I think many philosophers and intellectuals make the mistake of regarding the existence or non-existence of God as a question for the intellect when, at least in my experience of it, it is more a question of perception.

There is little point in expecting to arrive at a satisfactory conclusion by considering objectively verifiable evidence when in fact there isn't any such evidence.  In my opinion there never will be.  Anyone attempting to discover the truth of the matter by this method must therefore believe God does not exist--simply because there is no objectively verifiable evidence that he does.  (It is also the case that there is no evidence that he doesn't, but that's another question.)

Religion makes sense only from within its perception of reality.  To know whether God is real or not we have to try it out.  We get nowhere by trying to assess the pros and cons of probability from evidence to decide one way or the other.  If we really are curious to know we must take the plunge. This does not by any means require us to leave our reason and critical faculties behind.  It is just that they are applied from inside the question, rather than from outside it.

In my experience, when I was an atheist I entertained a firm belief that God does not exist, that he is nothing more than a childish fantasy. I believed that the continued progress of science would eventually solve all unknown questions, and put to rest all such delusions as God. This was a positive belief, not an absence of it.  When I needed to justify my position in argument, my main concern was to put forward reasons why I should not expand my viewpoint, why my faith in reason was absolute.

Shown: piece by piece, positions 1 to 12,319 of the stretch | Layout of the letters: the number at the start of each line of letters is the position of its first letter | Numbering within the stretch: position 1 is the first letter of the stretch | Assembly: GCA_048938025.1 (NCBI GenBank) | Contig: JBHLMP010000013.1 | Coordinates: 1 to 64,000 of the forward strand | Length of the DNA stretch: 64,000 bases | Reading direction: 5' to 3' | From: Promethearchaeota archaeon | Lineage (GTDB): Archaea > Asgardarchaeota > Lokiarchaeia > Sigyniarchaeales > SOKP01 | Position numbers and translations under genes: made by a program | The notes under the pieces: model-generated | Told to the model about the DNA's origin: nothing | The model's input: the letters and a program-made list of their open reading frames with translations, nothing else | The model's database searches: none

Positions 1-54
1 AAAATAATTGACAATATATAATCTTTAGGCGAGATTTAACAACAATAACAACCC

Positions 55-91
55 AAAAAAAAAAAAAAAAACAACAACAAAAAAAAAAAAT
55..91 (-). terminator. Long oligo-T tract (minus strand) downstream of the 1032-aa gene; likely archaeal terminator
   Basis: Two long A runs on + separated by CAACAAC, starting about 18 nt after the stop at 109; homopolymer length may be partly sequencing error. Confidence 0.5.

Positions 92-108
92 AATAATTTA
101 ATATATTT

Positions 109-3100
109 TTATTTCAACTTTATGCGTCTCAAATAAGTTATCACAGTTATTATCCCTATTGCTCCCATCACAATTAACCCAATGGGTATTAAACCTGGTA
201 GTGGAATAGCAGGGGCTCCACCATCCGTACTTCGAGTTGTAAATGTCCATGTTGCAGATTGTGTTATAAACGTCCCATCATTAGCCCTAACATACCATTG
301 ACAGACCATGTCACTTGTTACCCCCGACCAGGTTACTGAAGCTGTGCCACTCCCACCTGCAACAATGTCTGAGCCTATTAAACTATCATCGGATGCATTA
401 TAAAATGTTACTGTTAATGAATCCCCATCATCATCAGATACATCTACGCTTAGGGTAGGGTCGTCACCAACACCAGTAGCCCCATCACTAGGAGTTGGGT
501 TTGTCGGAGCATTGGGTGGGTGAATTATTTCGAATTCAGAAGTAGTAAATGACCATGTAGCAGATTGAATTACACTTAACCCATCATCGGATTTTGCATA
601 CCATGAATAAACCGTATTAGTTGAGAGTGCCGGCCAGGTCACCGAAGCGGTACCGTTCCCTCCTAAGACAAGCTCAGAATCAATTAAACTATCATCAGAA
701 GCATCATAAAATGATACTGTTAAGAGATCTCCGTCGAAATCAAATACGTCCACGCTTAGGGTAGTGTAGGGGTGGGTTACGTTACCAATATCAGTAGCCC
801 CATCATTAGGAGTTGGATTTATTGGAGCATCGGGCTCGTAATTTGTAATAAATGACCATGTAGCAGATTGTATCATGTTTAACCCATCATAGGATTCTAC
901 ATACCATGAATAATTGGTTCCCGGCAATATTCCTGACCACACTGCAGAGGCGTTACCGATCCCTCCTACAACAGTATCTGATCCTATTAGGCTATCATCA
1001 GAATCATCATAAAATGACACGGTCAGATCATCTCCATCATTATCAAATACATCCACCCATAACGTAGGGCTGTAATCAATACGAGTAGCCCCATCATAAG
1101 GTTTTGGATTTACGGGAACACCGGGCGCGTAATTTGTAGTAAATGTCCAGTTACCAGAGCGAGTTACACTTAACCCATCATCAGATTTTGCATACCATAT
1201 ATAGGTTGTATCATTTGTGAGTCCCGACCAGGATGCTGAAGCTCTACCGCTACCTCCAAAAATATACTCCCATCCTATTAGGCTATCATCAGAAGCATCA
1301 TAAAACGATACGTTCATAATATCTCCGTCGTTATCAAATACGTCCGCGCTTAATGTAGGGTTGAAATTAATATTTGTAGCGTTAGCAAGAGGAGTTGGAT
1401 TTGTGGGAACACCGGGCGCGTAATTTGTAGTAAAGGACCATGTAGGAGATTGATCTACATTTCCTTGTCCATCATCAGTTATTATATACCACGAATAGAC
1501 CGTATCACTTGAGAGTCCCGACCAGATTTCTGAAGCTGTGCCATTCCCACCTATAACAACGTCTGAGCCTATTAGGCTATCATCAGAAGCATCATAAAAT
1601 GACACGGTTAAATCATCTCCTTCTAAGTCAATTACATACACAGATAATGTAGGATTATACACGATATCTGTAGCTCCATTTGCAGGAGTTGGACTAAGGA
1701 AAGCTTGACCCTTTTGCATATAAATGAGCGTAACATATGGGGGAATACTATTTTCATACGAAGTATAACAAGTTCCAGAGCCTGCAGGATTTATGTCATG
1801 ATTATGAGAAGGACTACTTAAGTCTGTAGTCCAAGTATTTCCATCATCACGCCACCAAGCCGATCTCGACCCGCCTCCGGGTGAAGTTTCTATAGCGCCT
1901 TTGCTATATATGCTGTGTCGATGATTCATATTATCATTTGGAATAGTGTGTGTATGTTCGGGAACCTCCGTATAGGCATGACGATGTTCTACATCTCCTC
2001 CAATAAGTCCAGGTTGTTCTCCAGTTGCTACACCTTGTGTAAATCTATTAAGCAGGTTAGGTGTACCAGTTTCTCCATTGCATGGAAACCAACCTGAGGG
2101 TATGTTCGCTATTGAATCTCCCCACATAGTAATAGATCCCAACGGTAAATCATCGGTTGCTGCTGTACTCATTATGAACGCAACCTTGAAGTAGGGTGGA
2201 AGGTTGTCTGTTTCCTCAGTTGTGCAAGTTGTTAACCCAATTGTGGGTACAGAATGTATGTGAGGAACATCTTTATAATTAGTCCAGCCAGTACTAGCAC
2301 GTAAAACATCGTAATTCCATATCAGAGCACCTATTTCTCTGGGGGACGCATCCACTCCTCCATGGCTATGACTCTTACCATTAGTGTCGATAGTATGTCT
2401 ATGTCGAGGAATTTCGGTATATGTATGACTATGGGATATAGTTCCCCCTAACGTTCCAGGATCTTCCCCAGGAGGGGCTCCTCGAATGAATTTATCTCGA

After some further experience of life I began to have doubts.  There was no "road to Damascus" event, or anything of that kind, but rather a series of small experiences which seemed mysterious and which I could not account for from within my constrained viewpoint.  There seemed to be something beyond the reach of reason or psychology which lay behind human motivation.  So instead of denying that looking for God was a worthwhile pursuit I began to search for him.  Following this line of interest eventually led me to God, not as something reasoned out from objective evidence, but as something objectively real, but subjectively perceived.  It is not the weighing up of evidence, but an enhanced perception, which reveals God.  It is more akin to opening another eye than to valid reasoning.  It changes the viewpoint from which we perceive reality.

In my opinion, God can only ever be subjectively perceived by individuals. This does not necessarily make such individuals deluded; it may make atheists blind.

William W Towamba  NSW

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